What is an HAI (Healthcare Associated Infection)
Health care-associated infections, or HAIs, are infections that patients receive while in the care of a health care environment, that was neither present nor developing when original treatment began.
HAIs can be caused by a number of bacteria, viruses, fungi or parasites and are the most common form of preventable hospital complication, affecting millions each year.
How do HAIs affect patients?
The CDC’s health care-associated infection (HAI) prevalence survey provides an updated national estimate of the overall problem of HAIs in U.S. hospitals. Based on a large sample of U.S. acute care hospitals, the survey found that on any given day, about 1 in 31 hospital patients has at least one health care-associated infection.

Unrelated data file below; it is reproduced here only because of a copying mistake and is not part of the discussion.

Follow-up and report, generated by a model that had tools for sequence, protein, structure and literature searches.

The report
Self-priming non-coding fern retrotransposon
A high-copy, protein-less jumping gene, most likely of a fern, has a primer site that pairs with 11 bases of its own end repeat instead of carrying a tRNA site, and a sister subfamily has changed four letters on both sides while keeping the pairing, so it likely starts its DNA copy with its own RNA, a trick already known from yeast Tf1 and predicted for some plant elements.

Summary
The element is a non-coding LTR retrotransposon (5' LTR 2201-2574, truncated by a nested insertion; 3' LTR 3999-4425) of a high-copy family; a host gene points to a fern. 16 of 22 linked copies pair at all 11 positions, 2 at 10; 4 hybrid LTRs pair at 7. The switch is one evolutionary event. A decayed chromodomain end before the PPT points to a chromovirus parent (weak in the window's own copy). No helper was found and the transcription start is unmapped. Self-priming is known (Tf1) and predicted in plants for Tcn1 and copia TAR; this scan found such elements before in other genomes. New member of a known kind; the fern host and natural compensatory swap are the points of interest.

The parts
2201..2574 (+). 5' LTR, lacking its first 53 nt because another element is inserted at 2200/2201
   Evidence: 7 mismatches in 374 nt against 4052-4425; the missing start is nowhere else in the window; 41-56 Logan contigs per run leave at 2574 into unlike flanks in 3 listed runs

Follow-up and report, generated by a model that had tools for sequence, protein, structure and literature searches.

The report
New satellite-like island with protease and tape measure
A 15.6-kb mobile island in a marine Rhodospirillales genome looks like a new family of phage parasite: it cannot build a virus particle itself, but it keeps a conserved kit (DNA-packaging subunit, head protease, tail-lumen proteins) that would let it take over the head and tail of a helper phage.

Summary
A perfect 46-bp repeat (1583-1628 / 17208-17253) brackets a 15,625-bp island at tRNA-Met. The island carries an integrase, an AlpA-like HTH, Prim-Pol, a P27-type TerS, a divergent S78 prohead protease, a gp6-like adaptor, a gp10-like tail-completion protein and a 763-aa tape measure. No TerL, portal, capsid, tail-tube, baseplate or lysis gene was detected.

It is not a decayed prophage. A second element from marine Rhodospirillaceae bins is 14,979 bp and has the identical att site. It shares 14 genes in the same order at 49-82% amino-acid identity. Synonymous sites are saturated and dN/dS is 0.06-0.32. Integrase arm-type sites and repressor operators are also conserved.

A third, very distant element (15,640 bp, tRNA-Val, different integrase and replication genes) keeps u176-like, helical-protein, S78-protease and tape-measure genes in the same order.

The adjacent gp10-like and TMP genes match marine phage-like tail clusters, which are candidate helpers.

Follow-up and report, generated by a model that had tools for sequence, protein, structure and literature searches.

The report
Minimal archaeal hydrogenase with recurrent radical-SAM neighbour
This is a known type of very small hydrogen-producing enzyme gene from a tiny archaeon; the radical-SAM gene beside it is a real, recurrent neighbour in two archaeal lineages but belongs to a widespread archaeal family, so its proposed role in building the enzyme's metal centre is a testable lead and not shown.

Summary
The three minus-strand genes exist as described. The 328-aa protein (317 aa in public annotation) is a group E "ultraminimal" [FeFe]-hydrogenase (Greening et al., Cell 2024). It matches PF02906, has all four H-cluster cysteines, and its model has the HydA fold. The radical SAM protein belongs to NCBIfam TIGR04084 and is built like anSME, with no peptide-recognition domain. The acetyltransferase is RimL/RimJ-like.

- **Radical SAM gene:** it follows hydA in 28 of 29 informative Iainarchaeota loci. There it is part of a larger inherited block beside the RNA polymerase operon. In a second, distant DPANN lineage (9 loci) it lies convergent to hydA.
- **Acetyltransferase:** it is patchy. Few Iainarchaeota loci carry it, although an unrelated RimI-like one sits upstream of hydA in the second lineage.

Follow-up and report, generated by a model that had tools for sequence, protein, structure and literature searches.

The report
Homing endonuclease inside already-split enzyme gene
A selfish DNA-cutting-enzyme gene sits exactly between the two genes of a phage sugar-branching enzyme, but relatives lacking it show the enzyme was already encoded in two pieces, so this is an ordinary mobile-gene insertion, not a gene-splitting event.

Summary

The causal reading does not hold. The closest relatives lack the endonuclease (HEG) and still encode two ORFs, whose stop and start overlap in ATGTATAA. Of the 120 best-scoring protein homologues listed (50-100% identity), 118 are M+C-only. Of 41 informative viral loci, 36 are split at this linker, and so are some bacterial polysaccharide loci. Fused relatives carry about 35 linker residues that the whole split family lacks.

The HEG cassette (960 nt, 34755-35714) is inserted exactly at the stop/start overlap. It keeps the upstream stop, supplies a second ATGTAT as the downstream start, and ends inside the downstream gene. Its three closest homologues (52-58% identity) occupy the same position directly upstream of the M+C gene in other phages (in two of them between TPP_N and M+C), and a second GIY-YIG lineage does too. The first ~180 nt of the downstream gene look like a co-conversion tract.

There were an estimated 687,000 HAIs in U.S. acute care hospitals in 2015. About 72,000 hospital patients with HAIs died during their hospitalizations. More than half of all HAIs occurred outside of the intensive care unit.
How HAIs spread
Young children, the elderly and those with compromised immune systems are at a higher risk for contracting an HAI; however, other risks include long hospital stays, unsanitary conditions and overuse of antibiotics. Washing hands, cleaning all surfaces and sterilizing instruments are the best practices to preventing these infections.